Book Review #4: Pakistan: A Hard Country

One could describe Pakistan as a military with a state. A nuclear power, with a large professional military, wedged between Afghanistan, Iran, and India, the country’s location, combined with its military capabilities, makes it a formidable regional power with which the United States must necessarily engage to advance its policies in South and Central Asia. Anatol Lieven, through Pakistan: A Hard Country, unravels the complex threads that tie the country together.

Pakistan and Identity

Pakistan mixes tribalism and modernity, militarism and liberalism, secularism and Islam, and justice and honor, all united by a mutual suspicion towards its larger neighbor, India. Additionally, like most countries in the modern era, it also contends with globalization, urbanization, and the long shadow cast by decolonization. An Islamic Republic with the world’s fifth largest population, and where 49% of the population speaks English as a second language, making it home to the third largest group of English speakers in the world, the country possesses a fluid identity.

Lieven’s narrative helps guide the reader through this intermix of contradictory impulses and helps explains the underlying tension in Pakistani society that finds expression in communal violence, coups, and a combative foreign policy. His discussion addresses the competing political factions, the continual tribal conflicts, and the social discord experienced by a country caught between multiple worlds.

Pakistan and Terrorism

Lieven dedicates one part of four to address the country’s relationship with the Taliban. A religious movement born in the Pashtun region shared by Afghanistan and Pakistan, the group has long enjoyed a beneficial relationship with Pakistan.

Historically speaking, Pakistan, recognizing its general military inferiority with India (reinforced by the fact that it lost all four of its wars with its adversary), has typically embraced militant movements as a forward buffer to create strategic space in the event of a war. Such relationships allow Pakistan to continue influencing the outcomes of conflicts even when faced with a clear military disadvantage.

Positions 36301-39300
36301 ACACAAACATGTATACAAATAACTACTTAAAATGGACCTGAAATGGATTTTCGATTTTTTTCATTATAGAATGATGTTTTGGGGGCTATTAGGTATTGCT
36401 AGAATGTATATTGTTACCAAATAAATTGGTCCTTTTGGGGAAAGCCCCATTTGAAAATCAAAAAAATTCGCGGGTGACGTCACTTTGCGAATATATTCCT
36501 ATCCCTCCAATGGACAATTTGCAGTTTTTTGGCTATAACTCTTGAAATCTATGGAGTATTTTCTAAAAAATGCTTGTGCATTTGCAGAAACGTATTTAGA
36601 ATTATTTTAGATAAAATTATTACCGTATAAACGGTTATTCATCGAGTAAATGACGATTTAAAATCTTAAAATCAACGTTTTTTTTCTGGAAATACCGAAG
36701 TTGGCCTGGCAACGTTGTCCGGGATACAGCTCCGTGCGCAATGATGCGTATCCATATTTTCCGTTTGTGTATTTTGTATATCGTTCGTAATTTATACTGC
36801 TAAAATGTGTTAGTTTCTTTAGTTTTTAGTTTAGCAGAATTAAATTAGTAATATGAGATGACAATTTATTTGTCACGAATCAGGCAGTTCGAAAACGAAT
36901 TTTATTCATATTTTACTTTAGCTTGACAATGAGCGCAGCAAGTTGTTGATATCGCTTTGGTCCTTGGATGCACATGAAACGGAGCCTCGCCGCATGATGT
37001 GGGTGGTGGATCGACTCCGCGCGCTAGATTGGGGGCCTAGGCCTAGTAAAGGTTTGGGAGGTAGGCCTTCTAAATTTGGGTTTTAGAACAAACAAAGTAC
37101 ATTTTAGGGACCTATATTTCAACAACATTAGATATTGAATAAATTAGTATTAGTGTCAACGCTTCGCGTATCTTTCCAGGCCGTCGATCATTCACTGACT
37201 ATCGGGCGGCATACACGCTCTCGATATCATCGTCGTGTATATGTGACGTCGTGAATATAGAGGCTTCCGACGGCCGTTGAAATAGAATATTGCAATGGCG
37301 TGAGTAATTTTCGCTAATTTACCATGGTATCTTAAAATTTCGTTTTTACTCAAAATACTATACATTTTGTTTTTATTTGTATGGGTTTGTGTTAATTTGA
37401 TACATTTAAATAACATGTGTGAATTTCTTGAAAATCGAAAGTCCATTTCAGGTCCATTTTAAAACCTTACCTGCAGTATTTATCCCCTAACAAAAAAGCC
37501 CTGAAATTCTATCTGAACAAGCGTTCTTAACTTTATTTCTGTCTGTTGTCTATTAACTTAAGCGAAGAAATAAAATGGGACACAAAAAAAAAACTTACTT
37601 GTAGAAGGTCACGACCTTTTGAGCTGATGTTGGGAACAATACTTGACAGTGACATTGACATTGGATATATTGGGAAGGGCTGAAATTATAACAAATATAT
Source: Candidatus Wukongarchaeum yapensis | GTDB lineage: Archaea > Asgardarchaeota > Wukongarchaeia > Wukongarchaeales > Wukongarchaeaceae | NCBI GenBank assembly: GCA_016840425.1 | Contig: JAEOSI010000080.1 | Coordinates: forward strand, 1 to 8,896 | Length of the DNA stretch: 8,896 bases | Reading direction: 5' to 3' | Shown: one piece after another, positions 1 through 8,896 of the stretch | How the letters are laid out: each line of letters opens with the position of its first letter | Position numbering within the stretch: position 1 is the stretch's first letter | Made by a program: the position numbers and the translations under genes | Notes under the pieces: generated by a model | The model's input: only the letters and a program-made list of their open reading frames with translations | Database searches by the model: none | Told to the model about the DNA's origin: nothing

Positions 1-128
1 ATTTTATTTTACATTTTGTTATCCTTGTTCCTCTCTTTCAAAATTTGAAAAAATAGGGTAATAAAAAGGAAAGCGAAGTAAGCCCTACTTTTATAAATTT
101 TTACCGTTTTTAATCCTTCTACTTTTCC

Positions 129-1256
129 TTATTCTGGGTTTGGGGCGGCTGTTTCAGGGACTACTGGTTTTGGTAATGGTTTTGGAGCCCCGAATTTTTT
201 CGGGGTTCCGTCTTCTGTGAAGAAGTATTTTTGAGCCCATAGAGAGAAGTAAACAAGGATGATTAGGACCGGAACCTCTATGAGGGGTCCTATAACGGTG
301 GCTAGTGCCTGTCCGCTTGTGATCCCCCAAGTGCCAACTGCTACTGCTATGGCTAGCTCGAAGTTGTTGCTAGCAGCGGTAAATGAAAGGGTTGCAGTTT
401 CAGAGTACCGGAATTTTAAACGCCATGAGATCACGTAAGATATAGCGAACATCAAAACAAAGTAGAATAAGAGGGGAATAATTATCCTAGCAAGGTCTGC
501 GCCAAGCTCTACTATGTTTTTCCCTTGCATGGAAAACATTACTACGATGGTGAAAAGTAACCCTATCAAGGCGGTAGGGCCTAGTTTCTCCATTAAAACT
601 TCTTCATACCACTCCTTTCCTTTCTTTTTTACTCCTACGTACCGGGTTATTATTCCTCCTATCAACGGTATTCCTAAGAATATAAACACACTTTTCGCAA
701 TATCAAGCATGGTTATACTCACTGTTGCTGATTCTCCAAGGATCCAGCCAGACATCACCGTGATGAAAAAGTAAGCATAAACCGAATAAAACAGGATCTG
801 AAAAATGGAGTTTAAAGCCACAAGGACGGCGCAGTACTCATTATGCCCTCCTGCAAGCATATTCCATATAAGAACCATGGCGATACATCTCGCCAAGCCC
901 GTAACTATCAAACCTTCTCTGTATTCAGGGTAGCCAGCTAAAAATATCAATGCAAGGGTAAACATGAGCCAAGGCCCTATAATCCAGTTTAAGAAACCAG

Yet Lieven also shares that among the general population, tribal and religious identity also reinforce Pakistan’s relationship with these armed groups. Unsurprisingly for a country with such richly mixed identities, the Pakistani government simultaneously combats the Pakistani Taliban within its own borders while providing material support to the Afghan Taliban in its war against Kabul and its allies.

Pakistan and Nuclear Weapons

Although Lieven’s work does not discuss at length Pakistan’s possession of nuclear weapons, he does address the central role of the country’s military in its politics. The military offers social and political stability, economic opportunity, and a common identity. For this reason, the military possesses considerable influence in the direction of the country.

Lieven describes how the entirety of the country’s military apparatus has a fixation with India generally and Kashmir specifically. This obsession is also expressed in the country’s political rhetoric. The focus on India has led the military to assume a great amount of power, but to also pursue nuclear weapons and relationships with Islamist militants.

The country’s political turmoil, social upheaval, and vulnerability to extremism has created expected alarm about the security of its nuclear weapons. This concern even finds itself expressed in board games, such as GMT Games Labyrinth, in which one opportunity for Jihadists to obtain nuclear weapons is through Pakistan.

Pakistan: a Hard Country

Understanding all of these layers in Pakistan, and how they have come together to create a country of contradictions and conflicts, becomes easier by reading through Lieven’s work. The demands placed upon the state by the competing interests and identities make the country a difficult one to govern and understand. Lieven captures the richness and complexity of a country trapped between worlds, wars, and ideas.

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